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LA Times: No Motive Determined for Muslim Man Who Bombed Travis Air Force Base

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Federal investigators seem to be at a loss as to the motives of a man who attacked the front gate of Travis Air Force Base in Northern California on Wednesday.

According to the Los Angeles Times, 51-year-old Hafi Kazi drove a burning minivan stocked with propane and gas tanks into the front gates of the base, and investigators are still questioning as to why it happened and if anyone else had been involved.

“We don’t have any nexus of terrorism at this point,” said Sean Ragan, the special agent in charge of Sacramento’s FBI field office.

“Now the question is, why,” he added. “Why was he there? What led him there? And we don’t know answers to that, quite frankly.”

Ragan said Kazi was a permanent legal resident living in the U.S. since 1993 and that he had mainly lived in the Bay Area, though where he had most recently lived was still unknown.

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It was around 7 p.m. when security personnel saw flames inside the fueled-up minivan after it had pushed through the front gates and proceeded to crash shortly thereafter.

An explosives ordnance disposal team along with investigators from the Air Force and FBI were quickly called to the scene after emergency responders found five propane tanks, three plastic one-gallon gas cans, numerous lighters, a gym bag stowed with personal items and three phones in the vehicle.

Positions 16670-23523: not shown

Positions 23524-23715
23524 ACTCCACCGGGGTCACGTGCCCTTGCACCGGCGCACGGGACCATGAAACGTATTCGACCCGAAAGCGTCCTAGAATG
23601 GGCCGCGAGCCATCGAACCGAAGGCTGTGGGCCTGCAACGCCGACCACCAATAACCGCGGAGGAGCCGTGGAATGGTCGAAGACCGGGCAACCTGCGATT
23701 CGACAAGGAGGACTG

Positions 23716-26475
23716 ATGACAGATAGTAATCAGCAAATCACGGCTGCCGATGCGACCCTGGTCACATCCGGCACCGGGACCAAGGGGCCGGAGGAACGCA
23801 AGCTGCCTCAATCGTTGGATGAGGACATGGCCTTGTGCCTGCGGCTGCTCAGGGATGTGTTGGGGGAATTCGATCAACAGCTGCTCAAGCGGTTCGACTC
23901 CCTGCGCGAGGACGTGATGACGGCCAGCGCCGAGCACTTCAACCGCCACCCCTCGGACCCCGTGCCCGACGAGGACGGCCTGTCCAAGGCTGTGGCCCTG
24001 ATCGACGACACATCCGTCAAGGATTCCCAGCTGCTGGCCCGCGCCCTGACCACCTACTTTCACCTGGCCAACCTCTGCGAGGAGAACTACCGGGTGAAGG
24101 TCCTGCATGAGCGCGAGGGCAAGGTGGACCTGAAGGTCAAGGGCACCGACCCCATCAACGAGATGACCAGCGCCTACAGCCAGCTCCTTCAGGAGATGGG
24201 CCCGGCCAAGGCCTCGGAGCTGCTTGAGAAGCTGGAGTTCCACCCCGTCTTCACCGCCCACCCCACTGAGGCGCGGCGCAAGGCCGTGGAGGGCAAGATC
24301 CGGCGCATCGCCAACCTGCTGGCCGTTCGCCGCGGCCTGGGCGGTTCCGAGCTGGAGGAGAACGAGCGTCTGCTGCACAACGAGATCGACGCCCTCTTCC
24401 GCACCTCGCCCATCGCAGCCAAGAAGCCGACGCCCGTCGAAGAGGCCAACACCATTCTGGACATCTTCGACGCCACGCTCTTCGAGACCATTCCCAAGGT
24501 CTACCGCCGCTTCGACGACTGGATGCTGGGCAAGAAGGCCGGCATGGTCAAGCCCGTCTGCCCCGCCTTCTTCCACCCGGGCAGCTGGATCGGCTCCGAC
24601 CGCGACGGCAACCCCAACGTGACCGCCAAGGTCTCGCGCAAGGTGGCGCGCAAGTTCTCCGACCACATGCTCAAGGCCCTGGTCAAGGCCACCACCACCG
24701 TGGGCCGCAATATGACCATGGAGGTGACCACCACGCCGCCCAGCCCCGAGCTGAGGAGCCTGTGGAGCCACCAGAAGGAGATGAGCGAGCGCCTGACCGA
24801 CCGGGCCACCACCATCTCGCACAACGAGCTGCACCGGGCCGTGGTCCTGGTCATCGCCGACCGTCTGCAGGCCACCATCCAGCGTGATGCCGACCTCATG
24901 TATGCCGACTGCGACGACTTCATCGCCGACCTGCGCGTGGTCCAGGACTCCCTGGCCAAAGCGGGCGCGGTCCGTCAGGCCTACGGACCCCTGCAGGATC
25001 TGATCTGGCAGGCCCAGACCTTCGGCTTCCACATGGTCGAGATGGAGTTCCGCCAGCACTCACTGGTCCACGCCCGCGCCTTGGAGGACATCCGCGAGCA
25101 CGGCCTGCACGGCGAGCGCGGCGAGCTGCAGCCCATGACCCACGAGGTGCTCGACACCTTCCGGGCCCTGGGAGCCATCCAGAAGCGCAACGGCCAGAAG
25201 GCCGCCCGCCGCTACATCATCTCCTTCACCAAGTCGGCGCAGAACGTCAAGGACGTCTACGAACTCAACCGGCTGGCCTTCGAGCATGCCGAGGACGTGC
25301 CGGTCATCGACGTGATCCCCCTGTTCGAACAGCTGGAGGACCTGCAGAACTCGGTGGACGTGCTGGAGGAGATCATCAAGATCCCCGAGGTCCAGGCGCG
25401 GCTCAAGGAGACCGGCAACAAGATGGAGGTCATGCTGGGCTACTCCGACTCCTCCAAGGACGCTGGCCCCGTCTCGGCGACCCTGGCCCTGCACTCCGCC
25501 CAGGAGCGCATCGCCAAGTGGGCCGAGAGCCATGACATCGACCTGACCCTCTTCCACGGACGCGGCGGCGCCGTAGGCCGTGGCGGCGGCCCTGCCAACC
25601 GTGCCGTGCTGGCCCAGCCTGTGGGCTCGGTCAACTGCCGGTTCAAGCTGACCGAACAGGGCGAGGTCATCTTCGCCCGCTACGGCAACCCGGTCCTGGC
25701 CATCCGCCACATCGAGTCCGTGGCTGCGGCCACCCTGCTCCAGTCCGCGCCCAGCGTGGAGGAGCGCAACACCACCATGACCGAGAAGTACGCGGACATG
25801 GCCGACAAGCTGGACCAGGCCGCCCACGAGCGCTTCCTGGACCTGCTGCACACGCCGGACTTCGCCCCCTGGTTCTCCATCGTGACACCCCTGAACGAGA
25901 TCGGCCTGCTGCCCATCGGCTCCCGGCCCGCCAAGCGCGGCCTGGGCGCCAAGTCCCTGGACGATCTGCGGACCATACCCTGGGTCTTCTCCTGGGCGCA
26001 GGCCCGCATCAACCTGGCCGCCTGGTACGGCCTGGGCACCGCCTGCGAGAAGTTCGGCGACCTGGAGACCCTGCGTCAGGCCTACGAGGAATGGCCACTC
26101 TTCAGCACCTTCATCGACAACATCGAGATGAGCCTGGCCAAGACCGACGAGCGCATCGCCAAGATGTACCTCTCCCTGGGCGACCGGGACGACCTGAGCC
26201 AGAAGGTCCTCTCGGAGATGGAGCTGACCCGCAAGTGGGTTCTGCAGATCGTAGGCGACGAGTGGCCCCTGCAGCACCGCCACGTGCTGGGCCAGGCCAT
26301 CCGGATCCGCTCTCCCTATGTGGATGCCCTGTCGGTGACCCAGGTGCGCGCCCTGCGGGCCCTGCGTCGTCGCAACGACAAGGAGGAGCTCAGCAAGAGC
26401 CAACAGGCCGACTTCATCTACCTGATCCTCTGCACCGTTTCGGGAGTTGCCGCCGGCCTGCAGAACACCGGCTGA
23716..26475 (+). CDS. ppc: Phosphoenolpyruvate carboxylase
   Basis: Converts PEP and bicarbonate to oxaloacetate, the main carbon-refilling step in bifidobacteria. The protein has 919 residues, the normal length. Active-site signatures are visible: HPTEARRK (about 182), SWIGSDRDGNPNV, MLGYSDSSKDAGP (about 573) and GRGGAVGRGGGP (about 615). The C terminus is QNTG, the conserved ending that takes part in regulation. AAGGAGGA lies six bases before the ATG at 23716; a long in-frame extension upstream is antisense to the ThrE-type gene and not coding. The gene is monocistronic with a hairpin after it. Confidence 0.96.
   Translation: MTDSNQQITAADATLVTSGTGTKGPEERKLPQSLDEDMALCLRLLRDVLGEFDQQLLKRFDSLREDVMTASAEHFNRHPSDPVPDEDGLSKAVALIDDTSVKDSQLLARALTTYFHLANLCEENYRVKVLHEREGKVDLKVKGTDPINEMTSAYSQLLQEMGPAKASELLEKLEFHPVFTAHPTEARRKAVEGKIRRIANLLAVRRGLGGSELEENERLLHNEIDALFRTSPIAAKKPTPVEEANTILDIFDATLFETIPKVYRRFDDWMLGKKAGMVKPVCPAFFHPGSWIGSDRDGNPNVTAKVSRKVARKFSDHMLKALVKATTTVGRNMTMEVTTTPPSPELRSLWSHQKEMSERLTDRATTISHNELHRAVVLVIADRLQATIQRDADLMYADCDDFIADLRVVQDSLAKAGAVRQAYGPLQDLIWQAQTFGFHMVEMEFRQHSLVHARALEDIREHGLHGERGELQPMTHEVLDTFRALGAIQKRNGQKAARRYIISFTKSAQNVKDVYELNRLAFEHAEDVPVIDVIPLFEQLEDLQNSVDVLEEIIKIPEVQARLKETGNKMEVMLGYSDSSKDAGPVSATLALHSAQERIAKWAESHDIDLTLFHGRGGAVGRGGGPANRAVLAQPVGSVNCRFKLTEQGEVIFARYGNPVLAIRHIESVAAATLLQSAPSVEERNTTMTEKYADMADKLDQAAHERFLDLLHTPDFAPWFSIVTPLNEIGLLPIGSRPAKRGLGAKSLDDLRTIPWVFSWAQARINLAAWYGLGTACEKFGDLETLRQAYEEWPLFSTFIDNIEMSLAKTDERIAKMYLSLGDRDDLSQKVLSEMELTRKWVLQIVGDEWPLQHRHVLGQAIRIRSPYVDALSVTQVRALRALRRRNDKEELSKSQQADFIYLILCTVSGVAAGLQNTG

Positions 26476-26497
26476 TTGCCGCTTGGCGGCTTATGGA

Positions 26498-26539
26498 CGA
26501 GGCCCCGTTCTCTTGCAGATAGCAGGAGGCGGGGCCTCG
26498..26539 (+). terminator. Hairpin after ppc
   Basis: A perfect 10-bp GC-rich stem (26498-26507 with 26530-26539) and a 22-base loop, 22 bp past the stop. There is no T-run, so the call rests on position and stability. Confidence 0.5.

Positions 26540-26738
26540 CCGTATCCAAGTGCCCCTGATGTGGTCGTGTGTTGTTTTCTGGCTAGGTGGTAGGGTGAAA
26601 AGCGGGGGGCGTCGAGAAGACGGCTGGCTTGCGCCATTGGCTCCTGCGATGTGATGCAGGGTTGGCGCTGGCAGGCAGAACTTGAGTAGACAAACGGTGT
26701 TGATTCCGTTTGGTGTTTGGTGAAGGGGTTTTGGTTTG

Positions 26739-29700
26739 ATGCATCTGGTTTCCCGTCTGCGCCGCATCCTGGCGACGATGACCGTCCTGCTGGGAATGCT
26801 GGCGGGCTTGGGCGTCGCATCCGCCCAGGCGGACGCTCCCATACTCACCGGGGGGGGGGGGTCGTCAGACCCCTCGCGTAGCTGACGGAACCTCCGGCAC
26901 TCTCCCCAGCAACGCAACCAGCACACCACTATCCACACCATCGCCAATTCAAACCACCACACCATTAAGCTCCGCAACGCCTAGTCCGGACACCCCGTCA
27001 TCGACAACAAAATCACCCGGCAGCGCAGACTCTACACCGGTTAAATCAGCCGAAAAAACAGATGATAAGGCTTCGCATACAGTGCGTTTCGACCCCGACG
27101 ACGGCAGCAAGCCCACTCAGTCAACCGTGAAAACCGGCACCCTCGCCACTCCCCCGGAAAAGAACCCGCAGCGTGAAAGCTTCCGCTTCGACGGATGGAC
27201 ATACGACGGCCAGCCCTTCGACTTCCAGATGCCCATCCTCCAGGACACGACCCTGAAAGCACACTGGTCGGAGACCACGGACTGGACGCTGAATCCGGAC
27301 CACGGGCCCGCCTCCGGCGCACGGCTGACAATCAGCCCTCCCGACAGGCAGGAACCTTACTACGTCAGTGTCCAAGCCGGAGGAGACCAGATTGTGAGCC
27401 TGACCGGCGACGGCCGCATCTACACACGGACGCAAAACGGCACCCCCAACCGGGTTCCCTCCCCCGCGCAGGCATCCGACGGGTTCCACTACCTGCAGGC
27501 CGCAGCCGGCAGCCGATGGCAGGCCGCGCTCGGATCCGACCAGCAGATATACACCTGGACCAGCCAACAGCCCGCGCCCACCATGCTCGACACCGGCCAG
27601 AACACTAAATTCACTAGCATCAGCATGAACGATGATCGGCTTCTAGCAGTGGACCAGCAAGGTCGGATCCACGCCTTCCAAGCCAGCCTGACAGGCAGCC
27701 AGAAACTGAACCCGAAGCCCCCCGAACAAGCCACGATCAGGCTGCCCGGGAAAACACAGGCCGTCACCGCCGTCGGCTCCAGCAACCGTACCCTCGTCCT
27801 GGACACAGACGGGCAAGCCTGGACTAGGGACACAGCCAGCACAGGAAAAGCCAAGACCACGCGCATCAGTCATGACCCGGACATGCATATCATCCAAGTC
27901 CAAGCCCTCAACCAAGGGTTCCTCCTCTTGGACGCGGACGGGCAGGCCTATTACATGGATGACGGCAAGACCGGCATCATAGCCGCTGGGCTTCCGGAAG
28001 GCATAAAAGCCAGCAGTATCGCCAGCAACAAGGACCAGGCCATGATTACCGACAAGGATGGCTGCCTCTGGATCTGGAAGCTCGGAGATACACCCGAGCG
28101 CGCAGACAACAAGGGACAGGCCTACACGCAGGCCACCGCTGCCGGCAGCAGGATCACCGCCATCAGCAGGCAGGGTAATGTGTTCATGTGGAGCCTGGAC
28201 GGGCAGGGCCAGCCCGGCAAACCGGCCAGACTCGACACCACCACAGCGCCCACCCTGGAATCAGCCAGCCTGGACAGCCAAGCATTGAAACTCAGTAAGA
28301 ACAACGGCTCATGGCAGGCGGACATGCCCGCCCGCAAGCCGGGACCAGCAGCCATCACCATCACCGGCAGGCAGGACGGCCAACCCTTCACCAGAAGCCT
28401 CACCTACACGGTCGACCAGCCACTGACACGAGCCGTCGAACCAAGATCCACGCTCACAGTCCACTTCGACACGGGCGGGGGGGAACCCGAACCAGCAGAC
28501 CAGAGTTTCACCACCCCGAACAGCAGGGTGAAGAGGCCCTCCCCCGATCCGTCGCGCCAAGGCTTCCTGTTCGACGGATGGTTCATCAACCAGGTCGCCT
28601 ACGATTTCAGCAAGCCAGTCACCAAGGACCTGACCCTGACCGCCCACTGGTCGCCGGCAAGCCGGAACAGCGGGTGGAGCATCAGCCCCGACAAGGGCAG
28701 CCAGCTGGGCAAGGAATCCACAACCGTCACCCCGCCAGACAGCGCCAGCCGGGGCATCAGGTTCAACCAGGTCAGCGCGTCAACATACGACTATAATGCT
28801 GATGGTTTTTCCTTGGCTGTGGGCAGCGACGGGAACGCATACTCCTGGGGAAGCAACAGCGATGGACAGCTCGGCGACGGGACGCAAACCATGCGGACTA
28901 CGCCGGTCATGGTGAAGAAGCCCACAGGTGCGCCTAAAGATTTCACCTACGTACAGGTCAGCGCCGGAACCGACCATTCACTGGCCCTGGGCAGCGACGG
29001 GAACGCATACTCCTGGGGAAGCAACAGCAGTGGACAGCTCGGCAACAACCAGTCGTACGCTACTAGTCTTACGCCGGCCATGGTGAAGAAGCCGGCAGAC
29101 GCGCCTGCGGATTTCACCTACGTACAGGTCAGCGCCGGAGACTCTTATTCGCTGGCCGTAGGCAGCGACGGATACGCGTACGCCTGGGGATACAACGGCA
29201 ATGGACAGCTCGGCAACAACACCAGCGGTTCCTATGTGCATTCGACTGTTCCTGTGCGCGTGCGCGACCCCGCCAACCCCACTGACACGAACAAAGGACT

Though Kazi’s body had been severely burned from the explosion, coroners were eventually able to identify him, and investigators are now trying to glean any other information they can.

Agents on the case said they were pursuing several leads as they try to piece together the 51-year-old’s life, including searching for any religious or social affiliation that would drive him to such an action.

Do you believe the crash was a religiously motivated act of terrorism?

While speaking about the incident, Ragan publicly debunked the rumor of a “jihad” video reportedly found on Kazi’s phone, and insisted the FBI still has not yet reached a firm conclusion on the man’s life and whereabouts.

“There is no evidence of religious affiliation,” Ragan stated. “As of right now, we know of no other associates.”

However, authorities have been in contact with a relative of Kazi’s in India, though no interview has been reported to have taken place.

Witnesses who saw the explosion admitted that it was unlike anything they’d seen, saying the black SUV was quickly engulfed in flames.

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“The car basically blew up,” said Kamren Hernandez, who had been at his family’s restaurant just a few feet from the main gates of the base. “It was nothing anymore.”

Hernandez’ father, Lamar, admitted that after the initial blast the flames just “kept exploding — boom boom. Kept on going.”

“He had something in there explosive,” Lamar added. “It sounded like the 4th of July. I’ve never heard anything like that — really loud.”

As for the citizens of the military base, which houses nearly 7,000 active military members, investigators stated that nothing points to another “attack” or threat to it or the surrounding communities.

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ASU grad who loves all things reading and writing.
Becky is an ASU grad who uses her spare time to read, write and play with her dog, Tasha. Her interests include politics, religion, and all things science. Her work has been published with ASU's Normal Noise, Phoenix Sister Cities, and "Dramatica," a university-run publication in Romania.
Education
Bachelor of Arts in English/Creative Writing
Topics of Expertise
Politics, Science/Tech, Faith, History, Gender Equality




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